The outline of James is found in James 1:19. Chapter 3 is the second part of the outline: be slow to speak.
Haven’t we all regretted speaking too quickly at times? Tweeting too quickly? Things we have said have hurt others whom we love. We regret it, but the damage is already done, even when we apologize.
How can you control your communication so that what you say blesses rather than hurts others? James tells us in this famous chapter.
Hodges says concerning Jas 3:1-12, “The tongue is a dangerous instrument for displaying wisdom” (p. 77).
James was not writing to churches like our churches today. Ten or more men might teach something from God’s Word in little two-or-three-minute statements. Some Plymouth Brethren churches are like this today.
The “stricter judgment” of verse 1 concerns the Bema. At the Bema there will be stricter accountability for teaching God’s Word in the local church than for using your tongue in private conversation because you are influencing more people.
Hodges comments, “It was a solemn responsibility to assume the role of a teacher in the Christian Church. James thinks most of his readers will be better off to avoid this role” (p. 78).
This can be applied to all teaching of God’s Word, by men and women, in Sunday school, home Bible studies, Bible institutes, VBS, and Christian schools.
The illustrations of bits in a horse’s mouth and rudders on a big ship show that very powerful animals and transports can be controlled by very little things.
In the same way, the tongue is small, yet it can control our bodies if we do not allow the Word of God to renew our minds and change our speaking. God can exert control over our tongues, but He does not do so in some instant miracle. He does so gradually over time as our mindset changes via the Word of God.
Hodges makes this telling suggestion about verses 3-4, “Human beings can control their own actions provided they first can control the rudder, namely, the human tongue. To a large extent our actions are determined by the things we say” (p. 79).
We need to avoid the tendency to boast and the tendency of even a small remark to set off a fire that grows into a raging inferno.
While it is possible for us to both bless people and hurt them with our tongues, that should not be the case. Our tongues can and should be sources of good. But for that to happen, we must be slow to speak.
When James says that our tongues can be set on fire by Gehenna, he is probably referring to Satan, since Gehenna is his realm. Satan, through his demons and fallen angels, is seeking to get Christians to speak in ways that hurt other Christians so that he might hinder the cause of Christ on earth.
Think before you speak is partly what James is saying. But beyond that he is saying that we must recognize our need to grow in our use of the tongue. We need to pray about it. We need to seek God’s work in our minds so that our speech will be impacted.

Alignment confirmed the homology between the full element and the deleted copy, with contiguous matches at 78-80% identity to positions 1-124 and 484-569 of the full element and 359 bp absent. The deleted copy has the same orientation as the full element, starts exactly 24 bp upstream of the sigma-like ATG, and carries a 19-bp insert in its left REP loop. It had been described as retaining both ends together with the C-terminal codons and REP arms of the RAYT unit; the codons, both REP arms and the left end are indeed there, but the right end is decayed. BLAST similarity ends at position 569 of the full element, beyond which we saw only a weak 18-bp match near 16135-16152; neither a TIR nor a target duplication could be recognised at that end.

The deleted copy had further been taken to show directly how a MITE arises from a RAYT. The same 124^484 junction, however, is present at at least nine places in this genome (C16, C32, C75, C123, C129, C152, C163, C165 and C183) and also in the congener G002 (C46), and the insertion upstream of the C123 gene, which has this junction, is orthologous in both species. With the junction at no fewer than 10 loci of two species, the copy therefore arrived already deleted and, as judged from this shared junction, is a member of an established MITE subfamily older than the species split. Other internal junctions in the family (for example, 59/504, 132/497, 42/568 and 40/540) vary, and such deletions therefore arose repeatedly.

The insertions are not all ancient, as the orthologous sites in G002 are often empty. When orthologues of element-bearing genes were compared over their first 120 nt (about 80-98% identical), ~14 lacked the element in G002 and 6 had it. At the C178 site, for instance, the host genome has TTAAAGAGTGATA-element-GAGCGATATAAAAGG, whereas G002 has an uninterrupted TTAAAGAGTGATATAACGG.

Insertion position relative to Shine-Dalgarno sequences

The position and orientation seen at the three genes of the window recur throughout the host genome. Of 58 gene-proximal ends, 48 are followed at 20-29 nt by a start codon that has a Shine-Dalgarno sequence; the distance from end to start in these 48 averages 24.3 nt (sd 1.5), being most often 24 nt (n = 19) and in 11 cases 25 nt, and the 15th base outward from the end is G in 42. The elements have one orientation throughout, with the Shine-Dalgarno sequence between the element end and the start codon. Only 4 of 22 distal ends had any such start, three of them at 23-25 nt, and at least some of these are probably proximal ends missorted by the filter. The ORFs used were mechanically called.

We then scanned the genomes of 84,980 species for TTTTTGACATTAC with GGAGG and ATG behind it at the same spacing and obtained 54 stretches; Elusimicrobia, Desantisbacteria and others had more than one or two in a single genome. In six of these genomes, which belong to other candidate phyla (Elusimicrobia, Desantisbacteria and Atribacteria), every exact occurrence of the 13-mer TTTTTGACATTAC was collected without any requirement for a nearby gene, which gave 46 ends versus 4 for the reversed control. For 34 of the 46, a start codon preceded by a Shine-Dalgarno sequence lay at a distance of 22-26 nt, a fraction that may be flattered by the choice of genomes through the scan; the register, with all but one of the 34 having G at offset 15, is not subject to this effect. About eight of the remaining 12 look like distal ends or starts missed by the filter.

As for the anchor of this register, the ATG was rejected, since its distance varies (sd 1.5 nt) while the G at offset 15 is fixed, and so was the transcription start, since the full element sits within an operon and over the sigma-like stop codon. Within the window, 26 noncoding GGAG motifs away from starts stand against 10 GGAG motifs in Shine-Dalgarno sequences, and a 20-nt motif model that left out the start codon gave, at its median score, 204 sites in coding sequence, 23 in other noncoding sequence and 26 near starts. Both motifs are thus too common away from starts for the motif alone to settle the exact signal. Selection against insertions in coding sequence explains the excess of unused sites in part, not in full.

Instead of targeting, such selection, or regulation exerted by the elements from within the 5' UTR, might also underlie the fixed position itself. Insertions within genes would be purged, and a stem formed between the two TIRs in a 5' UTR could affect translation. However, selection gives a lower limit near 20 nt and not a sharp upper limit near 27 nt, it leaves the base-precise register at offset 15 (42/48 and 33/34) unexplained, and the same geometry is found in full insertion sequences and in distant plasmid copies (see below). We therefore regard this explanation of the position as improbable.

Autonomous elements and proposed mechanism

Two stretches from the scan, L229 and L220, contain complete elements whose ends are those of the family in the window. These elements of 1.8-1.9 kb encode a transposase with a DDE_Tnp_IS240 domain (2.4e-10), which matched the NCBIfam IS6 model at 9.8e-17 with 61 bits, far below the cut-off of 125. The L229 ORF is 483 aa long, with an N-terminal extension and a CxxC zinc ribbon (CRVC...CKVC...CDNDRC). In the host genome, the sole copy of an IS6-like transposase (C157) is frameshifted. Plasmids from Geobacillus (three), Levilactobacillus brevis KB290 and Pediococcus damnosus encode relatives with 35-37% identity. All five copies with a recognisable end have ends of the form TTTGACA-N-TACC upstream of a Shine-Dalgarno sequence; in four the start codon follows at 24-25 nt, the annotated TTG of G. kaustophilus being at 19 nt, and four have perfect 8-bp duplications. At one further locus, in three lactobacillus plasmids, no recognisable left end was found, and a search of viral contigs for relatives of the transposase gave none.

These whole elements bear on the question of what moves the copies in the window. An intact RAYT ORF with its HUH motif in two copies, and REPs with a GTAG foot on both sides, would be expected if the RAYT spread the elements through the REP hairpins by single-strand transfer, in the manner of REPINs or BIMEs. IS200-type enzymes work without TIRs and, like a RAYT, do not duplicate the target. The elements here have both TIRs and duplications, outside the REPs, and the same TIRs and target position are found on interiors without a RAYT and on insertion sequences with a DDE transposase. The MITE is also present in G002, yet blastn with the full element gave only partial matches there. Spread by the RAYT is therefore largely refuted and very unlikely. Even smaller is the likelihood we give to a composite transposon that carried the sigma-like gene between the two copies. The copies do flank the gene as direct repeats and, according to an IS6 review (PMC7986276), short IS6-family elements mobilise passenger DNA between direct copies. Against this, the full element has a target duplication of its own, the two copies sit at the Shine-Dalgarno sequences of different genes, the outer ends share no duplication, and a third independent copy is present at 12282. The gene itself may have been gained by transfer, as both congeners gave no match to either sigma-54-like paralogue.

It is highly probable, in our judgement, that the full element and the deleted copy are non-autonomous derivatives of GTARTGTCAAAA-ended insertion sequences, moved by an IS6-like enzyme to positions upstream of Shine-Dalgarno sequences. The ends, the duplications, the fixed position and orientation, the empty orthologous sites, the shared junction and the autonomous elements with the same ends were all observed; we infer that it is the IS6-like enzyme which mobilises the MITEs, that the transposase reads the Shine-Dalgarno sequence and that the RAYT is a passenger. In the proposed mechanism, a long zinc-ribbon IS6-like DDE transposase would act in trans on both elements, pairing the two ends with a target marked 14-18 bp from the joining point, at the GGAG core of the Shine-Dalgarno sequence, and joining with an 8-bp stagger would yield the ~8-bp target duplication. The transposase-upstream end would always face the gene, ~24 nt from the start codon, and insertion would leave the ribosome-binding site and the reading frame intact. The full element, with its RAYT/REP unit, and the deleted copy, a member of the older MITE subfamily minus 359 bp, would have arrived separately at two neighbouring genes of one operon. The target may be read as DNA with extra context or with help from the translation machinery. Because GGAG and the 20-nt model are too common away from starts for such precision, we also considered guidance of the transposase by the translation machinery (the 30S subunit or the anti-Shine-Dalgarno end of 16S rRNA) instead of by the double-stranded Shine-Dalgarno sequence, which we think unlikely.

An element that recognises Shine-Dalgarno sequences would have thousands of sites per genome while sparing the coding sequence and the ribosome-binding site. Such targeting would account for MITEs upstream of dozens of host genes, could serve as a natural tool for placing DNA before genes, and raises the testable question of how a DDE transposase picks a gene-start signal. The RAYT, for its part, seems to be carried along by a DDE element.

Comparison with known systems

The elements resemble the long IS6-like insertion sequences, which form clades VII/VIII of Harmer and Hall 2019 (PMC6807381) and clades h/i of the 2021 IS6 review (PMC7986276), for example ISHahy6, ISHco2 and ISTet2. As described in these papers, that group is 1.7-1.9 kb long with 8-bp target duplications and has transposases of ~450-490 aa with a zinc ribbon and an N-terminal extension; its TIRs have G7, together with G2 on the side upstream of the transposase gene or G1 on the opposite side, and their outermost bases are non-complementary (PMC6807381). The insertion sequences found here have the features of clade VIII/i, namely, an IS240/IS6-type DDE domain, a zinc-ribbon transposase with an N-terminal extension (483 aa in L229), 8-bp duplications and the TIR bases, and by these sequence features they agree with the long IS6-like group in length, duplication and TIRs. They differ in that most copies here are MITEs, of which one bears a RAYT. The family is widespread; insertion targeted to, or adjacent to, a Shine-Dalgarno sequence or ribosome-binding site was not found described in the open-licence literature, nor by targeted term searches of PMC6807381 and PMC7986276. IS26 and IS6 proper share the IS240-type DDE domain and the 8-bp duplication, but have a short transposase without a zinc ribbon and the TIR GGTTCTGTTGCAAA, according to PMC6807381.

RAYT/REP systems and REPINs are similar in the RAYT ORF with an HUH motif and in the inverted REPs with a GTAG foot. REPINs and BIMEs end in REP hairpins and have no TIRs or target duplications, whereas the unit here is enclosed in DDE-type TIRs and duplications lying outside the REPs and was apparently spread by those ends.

If James were writing today, I think he might have expanded his discussion due to social media. We speak when we tweet and when we post something on Instagram or Facebook or a discussion board.
Be slow to tweet. Be slow to post anything on social media.
How many people have lost their jobs because they tweeted something without giving it serious thought?
I do not tweet or post things on Facebook because I view these things as dangerous. But like speaking can be used for good or evil, so can tweeting and other social media. But we must take care.
I write about 2 blogs a week. I’ve learned over the years that I need help whenever I’m writing on a controversial subject. I send maybe 20 or 30 blogs a year to my board for evaluation. They scrap 3 or 4 a year and they edit all of the rest. Whenever I trash a blog that I was considering because my board thought it unwise, I’m glad I was not quick to post.
You know the trick to good photography? Take lots of pictures and throw out most of them.
That is true in speech and social media. Have lots of thoughts and idea but throw out most of them. If you share your best ideas and thoughts, you are wise. If you share anything that pops into your head, you are foolish.
The more we mature in the Lord, the more we are slow to speak, slow to tweet, slow to post.
God can control our communication if we let Him give us the mind of Christ.
GES hired an editor to give my first book, Confident in Christ, a serious edit. I sent her about 50 short chapters. The first thing she did was throw out two-thirds of the chapters. What? I was upset. But I came to see that she was right. She kept the best chapters and edited only those. The rest she discarded. I’m glad she did.
Only reveal thoughts that are worthy of being shared. Only share thoughts that will help and build up.
The bottom line of James 3 is that we should use our tongues and our actions to bless and edify the people in our lives, our families, neighbors, coworkers, and especially those in our local churches.
God wants the local church to be a safe place. It will be if we are slow to speak and quick to edify others with our actions.
In an article entitled, “How to Watch What You Say,” Wikihow gives 4 suggestions that are essentially applications of James 3 (see here):
- Learn to listen.
- Close your mouth when it comes open.
- Put yourself in the other person’s shoes.
- Ask yourself if what you intend to say is true, necessary, and kind.